Retired Army Lt. Gen. Ken Keen is now on staff at Goizueta Business School.

Prior to becoming the Associate Dean for Leadership Development at Emory University’s Goizueta Business School, Ken Keen had a distinguished 40-year career in the U.S. Army, culminating as a Lieutenant General. Among his leadership roles, Keen was in charge of the Joint Task Force in Haiti following its devastating earthquake in 2010. Keen’s global experience from his military service, coupled with his current role at a leading business school, gives him a unique vantage point to compare the leadership training approaches from the military and business sectors.

“The military has always invested a great deal of resources in developing its leaders” Keen notes. “Throughout a military career, you are always returning to school for both technical expertise and leadership training. Businesses struggle with how much they are able to invest into leadership training in both time and money, but principally time.” Keen sees that “the military can learn a huge amount from business about the effectiveness versus efficiency ratio.” While acknowledging that efficiency is less paramount than effectiveness in military operations where the key thing is to win, not to show a profit; he sees that there is much the military could do to tighten its belt while remaining highly effective.

Keen brings this merging of the best from both the military and business worlds to – Emory Executive Education’s Managerial Leadership Program (MLP). MLP focuses on participants achieving a better understanding of their leadership strengths and weaknesses. In addition to content rich topics on individual and group leadership, MLP incorporates Birkman Personality Assessments, 360˚appraisals, and one-to-one coaching sessions. As Keen explains, this combination of assessments and coaching enables participants to learn about themselves and understand the feedback quickly.

What sets the program apart from other top-level leadership programs is the experiential ‘Leadership Response Course’ (LRC) that is drawn from the long-standing equivalent used in the US Army’s Leaders’ Reaction Course. The LRC, in both pure military and Emory Executive Education’s usage, takes five to eight groups of people through six back-to-back problem-solving events over the course of a day. Each event requires the team leader to receive a task, brief their team, develop a plan and then execute it, all within a 30-minute period. At the end of the 30 minutes there is a quick, ten-minute debrief or ‘After Action Review’ where the team analyses what they did well, what they did less well, and what they can do next time to improve.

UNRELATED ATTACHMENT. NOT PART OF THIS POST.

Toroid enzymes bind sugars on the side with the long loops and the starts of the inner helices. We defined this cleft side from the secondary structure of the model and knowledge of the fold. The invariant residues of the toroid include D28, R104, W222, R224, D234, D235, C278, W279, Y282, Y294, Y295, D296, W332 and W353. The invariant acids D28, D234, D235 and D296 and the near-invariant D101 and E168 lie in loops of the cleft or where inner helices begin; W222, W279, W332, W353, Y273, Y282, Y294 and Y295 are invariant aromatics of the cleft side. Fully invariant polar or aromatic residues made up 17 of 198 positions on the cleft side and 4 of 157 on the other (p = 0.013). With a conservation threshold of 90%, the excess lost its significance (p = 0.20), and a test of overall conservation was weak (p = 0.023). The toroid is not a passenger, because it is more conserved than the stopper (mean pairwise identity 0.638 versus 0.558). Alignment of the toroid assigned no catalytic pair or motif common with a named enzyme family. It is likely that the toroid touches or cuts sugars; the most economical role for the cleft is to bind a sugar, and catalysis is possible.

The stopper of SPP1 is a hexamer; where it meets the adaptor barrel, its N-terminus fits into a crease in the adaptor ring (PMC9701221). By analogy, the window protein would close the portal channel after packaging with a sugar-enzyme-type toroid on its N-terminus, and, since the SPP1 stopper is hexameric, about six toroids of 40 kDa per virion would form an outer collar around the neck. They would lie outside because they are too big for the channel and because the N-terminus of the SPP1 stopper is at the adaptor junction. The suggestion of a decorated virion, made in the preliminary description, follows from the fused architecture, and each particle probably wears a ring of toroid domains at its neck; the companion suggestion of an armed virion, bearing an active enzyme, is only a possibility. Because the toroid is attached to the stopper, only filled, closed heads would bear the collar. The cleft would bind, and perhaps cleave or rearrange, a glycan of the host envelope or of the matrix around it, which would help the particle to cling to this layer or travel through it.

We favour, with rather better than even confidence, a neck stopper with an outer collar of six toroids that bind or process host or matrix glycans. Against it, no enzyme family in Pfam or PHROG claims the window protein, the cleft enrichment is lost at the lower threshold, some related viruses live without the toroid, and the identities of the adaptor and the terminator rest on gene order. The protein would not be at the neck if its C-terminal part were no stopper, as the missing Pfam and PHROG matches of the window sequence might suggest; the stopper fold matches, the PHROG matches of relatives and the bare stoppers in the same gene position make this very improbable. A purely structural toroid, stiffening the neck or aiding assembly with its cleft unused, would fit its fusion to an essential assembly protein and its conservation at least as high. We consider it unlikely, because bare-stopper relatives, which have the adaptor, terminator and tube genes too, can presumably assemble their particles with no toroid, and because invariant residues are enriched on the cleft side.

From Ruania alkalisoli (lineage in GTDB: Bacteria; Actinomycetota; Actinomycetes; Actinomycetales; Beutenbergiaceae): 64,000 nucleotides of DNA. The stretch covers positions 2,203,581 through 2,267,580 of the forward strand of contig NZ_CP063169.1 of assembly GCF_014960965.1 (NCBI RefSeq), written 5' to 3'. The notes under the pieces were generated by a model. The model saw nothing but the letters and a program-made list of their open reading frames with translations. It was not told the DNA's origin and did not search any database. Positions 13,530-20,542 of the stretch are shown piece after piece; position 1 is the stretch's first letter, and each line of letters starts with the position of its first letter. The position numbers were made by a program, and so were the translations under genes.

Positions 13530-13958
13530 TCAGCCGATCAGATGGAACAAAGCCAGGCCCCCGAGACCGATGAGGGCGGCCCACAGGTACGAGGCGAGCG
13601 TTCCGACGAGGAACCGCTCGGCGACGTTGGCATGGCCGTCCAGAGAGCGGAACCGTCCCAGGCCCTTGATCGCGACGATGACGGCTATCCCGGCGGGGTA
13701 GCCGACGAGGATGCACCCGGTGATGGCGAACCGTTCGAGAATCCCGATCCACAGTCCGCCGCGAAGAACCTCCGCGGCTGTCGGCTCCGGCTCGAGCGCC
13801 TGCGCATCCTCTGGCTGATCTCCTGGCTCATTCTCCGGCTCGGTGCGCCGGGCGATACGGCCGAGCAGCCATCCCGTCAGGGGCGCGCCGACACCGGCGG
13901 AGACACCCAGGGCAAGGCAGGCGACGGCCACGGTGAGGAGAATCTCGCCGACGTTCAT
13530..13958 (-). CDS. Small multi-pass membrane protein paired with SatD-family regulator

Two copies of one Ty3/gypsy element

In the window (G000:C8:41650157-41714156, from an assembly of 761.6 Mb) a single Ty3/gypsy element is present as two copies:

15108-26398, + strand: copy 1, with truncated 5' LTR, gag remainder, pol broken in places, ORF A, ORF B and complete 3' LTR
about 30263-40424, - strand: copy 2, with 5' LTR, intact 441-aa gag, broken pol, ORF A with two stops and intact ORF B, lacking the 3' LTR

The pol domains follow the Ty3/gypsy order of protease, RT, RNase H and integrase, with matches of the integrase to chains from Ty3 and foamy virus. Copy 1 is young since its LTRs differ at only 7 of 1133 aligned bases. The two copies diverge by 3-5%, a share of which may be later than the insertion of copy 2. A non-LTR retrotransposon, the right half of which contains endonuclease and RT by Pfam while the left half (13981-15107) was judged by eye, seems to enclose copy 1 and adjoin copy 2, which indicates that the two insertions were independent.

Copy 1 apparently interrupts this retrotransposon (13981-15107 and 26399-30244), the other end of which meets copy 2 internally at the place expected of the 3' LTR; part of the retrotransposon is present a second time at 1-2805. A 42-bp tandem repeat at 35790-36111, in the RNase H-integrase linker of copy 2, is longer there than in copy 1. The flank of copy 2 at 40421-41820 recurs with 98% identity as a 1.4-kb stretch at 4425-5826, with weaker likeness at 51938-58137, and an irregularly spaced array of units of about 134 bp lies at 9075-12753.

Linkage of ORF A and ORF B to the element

The role of leader is rotated through the team with each new event. Ideally each participant assumes the leadership role once. The tasks for the event can vary from classic equipment- based ones, which might involve planks to enable the team’s passage across a ‘minefield’ to gathering information outside the group. As Keen describes it, the tasks are formulated with a focus on leadership rather than team-building.

“In the initial event, typically we see a 70-80% failure rate, as the day progresses and the team sees that it needs to work differently to accomplish the tasks – which could be less planning and being quicker to execution, or maybe better delegation of tasks within each event – the leaders begin to see how they can run the group more effectively… and also as the leadership role rotates, the other participants begin to see how they can be better followers.” Keen sees the ability to follow as part-and-parcel of enabling effective teams. The better people understand themselves, the better they can be as followers.

Once all six tasks have been completed the program reconvenes for an end-of-day, longer reflection on the experience and insights that can be drawn. These rich conversations promote learning in an enduring way, as participants relate more closely with issues having already experienced them and by sharing the challenges and solutions they encountered through the LRC. The group discussion is followed by more one-on-one coaching where individual emotions and personal development issues can be more granularly explored.

While organizations still struggle to carve out time to develop the leadership capacity of their managers, this mixture of personal awareness and team leading experience under controlled conditions is, Keen believes, a powerful way to fast-track managerial leadership development. Keen has observed this being impactful in both military and business organizations.